From Bullish to Neutral

By | July 12, 2015

I’m starting to see signs that market participants on Twitter are turning from bullish to neutral. This is the first sign of longer term weakness from the Twitter stream that I’ve seen since mid to late 2012. Before the strong rally that started in late 2012 it was common for 7 day momentum to stay below zero for extended periods of time as traders were accustom to periodic corrections. The lack of a decline greater than 10% in since then has kept 7 day momentum mostly above zero with a few small dips that quickly reverse higher. It seems that we’ve all been conditioned to buy the dip.


The weakness over the past two  weeks in the S&P 500 Index (SPX) has caused 7 day momentum and sentiment to dip to the lowest level in nearly three years. It appears that the combination of Greece and China is having an impact on longer term sentiment. I’m not seeing outright bearishness yet, but it does appear that there is a shift from bullishness to neutral on Twitter finance.

Breadth between the most bullish stocks and the most bearish stocks is showing signs neutrality as well. Over the past several weeks the number of bullish stocks has been declining, but the number of bearish stocks isn’t rising rapidly. This indicates that investors are getting cautious by taking profit from their winners, but not getting extremely bearish about their losers. The lack of bearish stocks is keeping breadth above both the January and October lows.


As I mentioned at Downside Hedge, half the stocks in the S&P 500 index are below their 200 day moving average. This condition causes risk to rise, but probably won’t cause a steep sell off unless investors get more bearish about their losers. Many stocks are suffering decent sized corrections, but people aren’t tweeting their angst in large volume for the stocks they own. You can keep track of the number of bearish stocks with this interactive chart.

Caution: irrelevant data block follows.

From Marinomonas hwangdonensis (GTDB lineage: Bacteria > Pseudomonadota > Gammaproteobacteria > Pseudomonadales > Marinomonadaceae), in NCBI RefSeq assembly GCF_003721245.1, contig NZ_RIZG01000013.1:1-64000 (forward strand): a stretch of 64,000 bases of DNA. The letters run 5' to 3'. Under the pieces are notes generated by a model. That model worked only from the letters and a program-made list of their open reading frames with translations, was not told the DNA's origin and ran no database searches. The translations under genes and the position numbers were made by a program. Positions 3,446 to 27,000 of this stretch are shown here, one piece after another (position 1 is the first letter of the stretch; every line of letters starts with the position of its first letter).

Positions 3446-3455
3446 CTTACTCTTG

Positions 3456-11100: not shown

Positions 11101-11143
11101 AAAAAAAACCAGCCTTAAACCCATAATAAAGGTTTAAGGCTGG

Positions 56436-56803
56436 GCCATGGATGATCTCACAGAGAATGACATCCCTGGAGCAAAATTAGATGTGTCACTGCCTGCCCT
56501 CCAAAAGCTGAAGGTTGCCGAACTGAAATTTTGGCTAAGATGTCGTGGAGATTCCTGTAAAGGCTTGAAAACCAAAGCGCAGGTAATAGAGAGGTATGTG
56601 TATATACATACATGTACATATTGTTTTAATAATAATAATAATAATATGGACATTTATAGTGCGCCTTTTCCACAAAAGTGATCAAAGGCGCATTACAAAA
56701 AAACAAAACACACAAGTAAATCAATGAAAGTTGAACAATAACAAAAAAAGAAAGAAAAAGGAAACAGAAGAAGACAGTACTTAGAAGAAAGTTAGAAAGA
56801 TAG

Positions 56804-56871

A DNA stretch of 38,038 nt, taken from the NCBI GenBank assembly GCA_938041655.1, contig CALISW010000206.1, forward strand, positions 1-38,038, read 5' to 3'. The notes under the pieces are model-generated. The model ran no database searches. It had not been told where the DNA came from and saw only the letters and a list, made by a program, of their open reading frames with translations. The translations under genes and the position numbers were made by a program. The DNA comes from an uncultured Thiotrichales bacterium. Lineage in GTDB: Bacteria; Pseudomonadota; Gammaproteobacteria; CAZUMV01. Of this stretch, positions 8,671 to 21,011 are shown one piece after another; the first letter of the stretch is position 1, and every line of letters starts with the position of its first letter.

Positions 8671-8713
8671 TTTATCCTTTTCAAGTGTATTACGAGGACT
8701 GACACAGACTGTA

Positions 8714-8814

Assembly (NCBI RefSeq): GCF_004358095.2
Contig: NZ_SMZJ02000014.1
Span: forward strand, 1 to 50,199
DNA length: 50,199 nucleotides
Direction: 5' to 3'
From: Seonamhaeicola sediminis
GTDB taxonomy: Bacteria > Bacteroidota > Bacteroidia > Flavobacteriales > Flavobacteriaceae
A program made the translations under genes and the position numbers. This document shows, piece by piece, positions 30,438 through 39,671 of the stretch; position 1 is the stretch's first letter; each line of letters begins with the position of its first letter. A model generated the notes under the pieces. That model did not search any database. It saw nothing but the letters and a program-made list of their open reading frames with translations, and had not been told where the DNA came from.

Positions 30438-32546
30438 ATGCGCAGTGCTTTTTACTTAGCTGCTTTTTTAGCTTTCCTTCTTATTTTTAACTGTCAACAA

Another sign that market participants aren’t outright bearish is the number of stocks in the two month bearish list. The market has been declining for two months now, but the number of bearish stocks is still extremely small. It has a total of two. You can see the most bearish stocks over several time frames here.


Sector sentiment is showing some short term weakness with the defensive sectors still in positive territory.


Support and resistance levels for SPX have a fairly solid line in the sand at 2040. If that level breaks then the 2020 to 2025 area could provide minor support. Above the market the bulls are hoping for a move above 2100 or 2110, but not in large numbers. Price level tweets give an overall picture of most everyone hoping 2040 doesn’t fail.



I’m seeing early signs of market participants turning from bullish to neutral. This makes the next rally very important. If it fails to reach new highs it could bring out the bears in force. The fact(s) that 7 day momentum for SPX reached three year oversold levels with price only 4% below all time highs, but the bearish readings for individual stocks remains low indicate investors are waiting for market clues before deserting their holdings. Keep an eye on the number of bearish stocks as a sign that bearishness is setting in.

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